As your machine learning projects grow, it becomes increasingly difficult to manage data and code. DVC solves this problem by versioning the data, making it easier to manage and scale the project as it grows. Additionally, it optimizes storage efficiency by only saving changes to the data rather than the entire dataset.

By adopting DVC, you will gain these benefits, improving the reproducibility, collaboration, experiment tracking, and scalability of your machine learning projects.



How DVC works

Using DVC includes several key steps for versioning and data management. Here's how DVC works:



To get started, you can create a .dvc file using the dvc add file command. This file specifies the path to the directory that contains the current version of the data. Then you can use DVC to create remote storage. This could be a location in the cloud (AWS, GCP, Azure, Palantir Foundry, etc.) or a server/directory separate from your project. You can create this remote storage space by using the dvc remote add command directly from the terminal. Finally, you can push this data version to remote storage using the dvc push command. This ensures security and the possibility of recovery of the original data.


Data versioning

When you modify the original data file, DVC automatically updates the .dvc file to have a new path pointing to the modified data. You can update this file using the same dvc add file command. Using Git, you can track changes to this .dvc file and find any data version you want using Git's various commit messages.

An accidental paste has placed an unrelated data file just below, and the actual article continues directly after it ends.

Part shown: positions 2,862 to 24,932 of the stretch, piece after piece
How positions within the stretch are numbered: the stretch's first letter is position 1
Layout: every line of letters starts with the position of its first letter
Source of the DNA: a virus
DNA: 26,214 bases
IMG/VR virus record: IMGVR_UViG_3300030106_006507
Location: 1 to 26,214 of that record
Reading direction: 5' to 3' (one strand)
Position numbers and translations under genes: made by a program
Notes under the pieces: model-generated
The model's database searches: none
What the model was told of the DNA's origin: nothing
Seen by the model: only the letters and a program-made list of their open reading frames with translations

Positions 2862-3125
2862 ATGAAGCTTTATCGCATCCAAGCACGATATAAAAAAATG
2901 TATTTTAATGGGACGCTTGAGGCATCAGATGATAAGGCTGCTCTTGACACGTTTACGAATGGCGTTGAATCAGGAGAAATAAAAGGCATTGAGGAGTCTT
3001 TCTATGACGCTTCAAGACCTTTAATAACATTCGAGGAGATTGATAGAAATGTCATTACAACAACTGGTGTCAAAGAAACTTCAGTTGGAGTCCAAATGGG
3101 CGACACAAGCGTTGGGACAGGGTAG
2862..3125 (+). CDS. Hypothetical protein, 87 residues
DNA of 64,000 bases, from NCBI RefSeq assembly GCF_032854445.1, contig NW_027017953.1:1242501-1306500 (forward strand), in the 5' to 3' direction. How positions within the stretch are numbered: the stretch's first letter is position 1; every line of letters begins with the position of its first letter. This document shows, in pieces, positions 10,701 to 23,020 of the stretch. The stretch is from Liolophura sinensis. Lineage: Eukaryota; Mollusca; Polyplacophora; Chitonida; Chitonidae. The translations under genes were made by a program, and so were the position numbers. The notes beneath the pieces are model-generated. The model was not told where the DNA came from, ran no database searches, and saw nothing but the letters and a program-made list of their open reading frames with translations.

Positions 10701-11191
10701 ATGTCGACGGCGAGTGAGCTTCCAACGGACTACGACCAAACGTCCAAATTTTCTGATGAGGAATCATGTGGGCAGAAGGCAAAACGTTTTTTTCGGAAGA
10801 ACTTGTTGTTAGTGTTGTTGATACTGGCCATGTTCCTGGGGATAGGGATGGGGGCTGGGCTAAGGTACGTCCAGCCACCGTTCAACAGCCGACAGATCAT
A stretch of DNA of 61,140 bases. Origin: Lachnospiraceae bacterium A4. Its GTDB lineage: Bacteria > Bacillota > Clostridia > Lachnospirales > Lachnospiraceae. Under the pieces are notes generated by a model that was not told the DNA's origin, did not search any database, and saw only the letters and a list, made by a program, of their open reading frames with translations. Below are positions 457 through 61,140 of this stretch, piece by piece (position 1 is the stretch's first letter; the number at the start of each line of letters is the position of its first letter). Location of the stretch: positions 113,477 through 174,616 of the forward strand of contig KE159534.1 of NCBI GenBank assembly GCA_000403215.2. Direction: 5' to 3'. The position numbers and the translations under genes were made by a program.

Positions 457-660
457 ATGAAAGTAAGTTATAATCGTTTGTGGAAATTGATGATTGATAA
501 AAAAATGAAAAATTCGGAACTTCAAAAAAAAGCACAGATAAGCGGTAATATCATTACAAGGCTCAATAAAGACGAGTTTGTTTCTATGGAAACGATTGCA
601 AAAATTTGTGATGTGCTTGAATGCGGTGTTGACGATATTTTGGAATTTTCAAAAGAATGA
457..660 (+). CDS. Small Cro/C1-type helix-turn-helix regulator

Storing data versions

By using the dvc push command, you can store different versions of data in remote storage. This allows you to maintain a complete history of previous versions of data in this space. So, you have the ability to retrieve any specific version of data that exists in remote storage. This feature provides great flexibility and allows you to revert to earlier versions of data if necessary, which can be particularly useful when exploring patterns or comparing performance between different versions of data. By using DVC, you have the peace of mind of knowing that your data is secure, accessible and repeatable at all times.

An important point to note is that the data files themselves are never tracked by Git. In projects using DVC, only files with the .dvc extension are tracked by Git. This allows large data files to be efficiently managed while maintaining versioning with Git.